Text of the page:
Predicting the result of a Virtual football match using tidymodels

After successfully scraping data from a football betting site i will now build a simple model using tidymodels r package to see how well it will perform in predicting the result of the games.

Below are some information about the dataset:

  • home –> A premier league club at home to play against an opponent
  • away –> A premier league club away from home to play against the home team
  • homeOdd –> the odds that the home team will win a particular match
  • drawOdd –> the odds that both teams will draw a particular match
  • awaysOdd –> the odds that the away team will win particular match
  • homeR –> result of the home team after a particular match
  • awayR –> result of the away team after a particular match
  • matchtime –> the time a particular match was played
  • leagueW –> the week a particular match was played
  • day –> the day a particular match was played

install the tidymodels r package

install.packages("tidymodels") # skip this step if you already have the tidymodels package

load the package

require(tidyverse)

Read in the dataset and check its dimension

bet9ja <- read_csv("https://raw.githubusercontent.com/twirelex/dataset/master/bet9ja(2).csv")
## Parsed with column specification:
## cols(
##   home = col_character(),
##   away = col_character(),
##   homeOdd = col_double(),
##   drawOdd = col_double(),
##   awaysOdd = col_double(),
##   homeR = col_double(),
##   awayR = col_double(),
##   matchtime = col_time(format = ""),
##   leagueWK = col_character(),
##   day = col_character()
## )
dim(bet9ja) ## see the dimension of the data
## [1] 14410    10

Overview of the data

require(knitr)

kable(head(bet9ja))
home away homeOdd drawOdd awaysOdd homeR awayR matchtime leagueWK day
WAT LIV 6.08 4.37 1.52 0 3 16:32:00 WEEK 34 Friday
EVE NWC 2.38 3.20 3.13 0 2 16:32:00 WEEK 34 Friday
TOT BUR 1.46 4.38 7.18 3 1 16:32:00 WEEK 34 Friday
BOU MNU 3.54 3.00 2.30 0 1 16:32:00 WEEK 34 Friday
BRI ASV 2.29 3.02 3.53 0 1 16:32:00 WEEK 34 Friday
CHE NOR 1.46 4.38 7.18 3 1 16:32:00 WEEK 34 Friday
glimpse(bet9ja)
## Rows: 14,410
## Columns: 10
## $ home      <chr> "WAT", "EVE", "TOT", "BOU", "BRI", "CHE", "WHU", "WOL", "...
## $ away      <chr> "LIV", "NWC", "BUR", "MNU", "ASV", "NOR", "SOU", "MNC", "...
## $ homeOdd   <dbl> 6.08, 2.38, 1.46, 3.54, 2.29, 1.46, 1.94, 4.16, 3.02, 2.0...
## $ drawOdd   <dbl> 4.37, 3.20, 4.38, 3.00, 3.02, 4.38, 3.32, 3.81, 3.19, 3.2...
## $ awaysOdd  <dbl> 1.52, 3.13, 7.18, 2.30, 3.53, 7.18, 4.25, 1.82, 2.46, 3.9...
## $ homeR     <dbl> 0, 0, 3, 0, 0, 3, 1, 2, 1, 1, 2, 1, 0, 3, 3, 5, 1, 0, 2, ...
## $ awayR     <dbl> 3, 2, 1, 1, 1, 1, 0, 1, 1, 1, 0, 0, 2, 0, 3, 1, 3, 3, 1, ...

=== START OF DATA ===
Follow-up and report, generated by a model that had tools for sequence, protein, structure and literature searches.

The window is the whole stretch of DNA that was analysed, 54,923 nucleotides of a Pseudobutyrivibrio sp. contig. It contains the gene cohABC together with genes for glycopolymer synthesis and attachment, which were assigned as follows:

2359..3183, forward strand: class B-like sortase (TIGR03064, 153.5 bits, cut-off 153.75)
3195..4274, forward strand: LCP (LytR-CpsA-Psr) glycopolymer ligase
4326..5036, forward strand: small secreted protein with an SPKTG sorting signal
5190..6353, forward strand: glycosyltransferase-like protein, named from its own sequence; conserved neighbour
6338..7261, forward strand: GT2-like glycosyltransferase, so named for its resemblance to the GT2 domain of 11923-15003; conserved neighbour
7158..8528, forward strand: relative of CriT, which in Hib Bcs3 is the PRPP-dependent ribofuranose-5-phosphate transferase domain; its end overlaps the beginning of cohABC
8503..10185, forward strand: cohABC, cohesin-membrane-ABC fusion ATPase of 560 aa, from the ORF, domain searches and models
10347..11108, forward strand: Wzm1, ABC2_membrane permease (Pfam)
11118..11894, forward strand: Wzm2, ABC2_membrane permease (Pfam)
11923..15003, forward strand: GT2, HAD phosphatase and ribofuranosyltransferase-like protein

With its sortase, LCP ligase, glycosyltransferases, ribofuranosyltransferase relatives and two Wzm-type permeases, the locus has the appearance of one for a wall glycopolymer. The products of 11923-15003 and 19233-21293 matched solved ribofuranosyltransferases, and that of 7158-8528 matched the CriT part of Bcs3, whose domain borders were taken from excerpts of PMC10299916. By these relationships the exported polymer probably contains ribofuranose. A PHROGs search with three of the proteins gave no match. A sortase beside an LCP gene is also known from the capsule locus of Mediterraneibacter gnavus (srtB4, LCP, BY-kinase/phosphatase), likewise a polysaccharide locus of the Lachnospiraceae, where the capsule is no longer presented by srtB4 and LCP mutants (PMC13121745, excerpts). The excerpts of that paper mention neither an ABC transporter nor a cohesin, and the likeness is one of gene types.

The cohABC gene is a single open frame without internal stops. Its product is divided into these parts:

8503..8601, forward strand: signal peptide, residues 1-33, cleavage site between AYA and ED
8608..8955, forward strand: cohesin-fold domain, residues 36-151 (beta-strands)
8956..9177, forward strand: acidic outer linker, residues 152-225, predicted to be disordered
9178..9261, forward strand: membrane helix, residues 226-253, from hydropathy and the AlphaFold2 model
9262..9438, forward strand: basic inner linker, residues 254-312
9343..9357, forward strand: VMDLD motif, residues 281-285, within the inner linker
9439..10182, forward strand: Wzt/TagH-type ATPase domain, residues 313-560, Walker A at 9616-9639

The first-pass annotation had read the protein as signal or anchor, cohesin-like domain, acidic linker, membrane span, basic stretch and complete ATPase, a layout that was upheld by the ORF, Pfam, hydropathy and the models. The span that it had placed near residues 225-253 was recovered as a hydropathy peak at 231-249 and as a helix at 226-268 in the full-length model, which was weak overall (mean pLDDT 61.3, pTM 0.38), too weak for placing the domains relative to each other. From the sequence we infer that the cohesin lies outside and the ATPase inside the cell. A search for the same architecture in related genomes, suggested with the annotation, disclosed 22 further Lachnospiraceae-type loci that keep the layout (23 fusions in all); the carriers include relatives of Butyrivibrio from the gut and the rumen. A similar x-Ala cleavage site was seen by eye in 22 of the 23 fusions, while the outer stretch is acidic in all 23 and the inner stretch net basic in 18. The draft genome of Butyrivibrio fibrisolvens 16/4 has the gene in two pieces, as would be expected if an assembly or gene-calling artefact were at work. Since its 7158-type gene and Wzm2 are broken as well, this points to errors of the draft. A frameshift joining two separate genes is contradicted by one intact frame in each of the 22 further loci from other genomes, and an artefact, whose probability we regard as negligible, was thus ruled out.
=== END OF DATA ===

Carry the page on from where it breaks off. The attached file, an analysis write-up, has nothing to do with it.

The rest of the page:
## $ matchtime <time> 16:32:00, 16:32:00, 16:32:00, 16:32:00, 16:32:00, 16:32:...
## $ leagueWK  <chr> "WEEK 34", "WEEK 34", "WEEK 34", "WEEK 34", "WEEK 34", "W...
## $ day       <chr> "Friday", "Friday", "Friday", "Friday", "Friday", "Friday...

we do not have a response variable yet so we need to first create a response variable before proceeding.
we will create the new variable from our homeR and awayR variables and call the new variable “result”, we will encode the “result” variable as follow:

  • 1 when the home team wins
  • 0 when the game ends in a draw
  • 2 when the away team wins
bet9ja <- bet9ja %>% 
  mutate(result = factor(case_when(homeR > awayR ~ 1, homeR < awayR ~ 2, TRUE ~ 0))) %>%
  select(-homeR, -awayR) # remove the homeR variable and awayR variable as we will no longer need them

we have now added a 3 category response/dependent variable and this means that we will be building a multiclass classification model.

some of the variables are represented as character variables but we will need them to be categorical variables for the sake of the algorithm we want to make use of.

bet9ja <- bet9ja %>% 
  mutate_if(is.character, as.factor)

DATA EXPLORATION

If you are familiar with the way football betting works you will know that “odds” play a huge role on whether a team will win a particular game or not. So let us first visually see the relationship between the odds variables and the result variable.

Let us discretize the odds variables and do a plot

bet9ja %>%
  transmute(result, homeOdd = factor(
    case_when(
      homeOdd <= 1.5 ~ "smallO",
      homeOdd > 1.5 &
        homeOdd <= 2 ~ "mediumO",
      homeOdd > 2 ~ "bigO"
    )
  )) %>%
  ggplot(aes(result, fill = result)) + geom_bar(show.legend = FALSE) + facet_wrap( ~ homeOdd) + theme_bw() + scale_y_continuous(labels = NULL) + labs(y = NULL, title = "HOME TEAM ODDS PLOT") + theme(plot.title = element_text(hjust = 0.5))

barplot showing the home team odds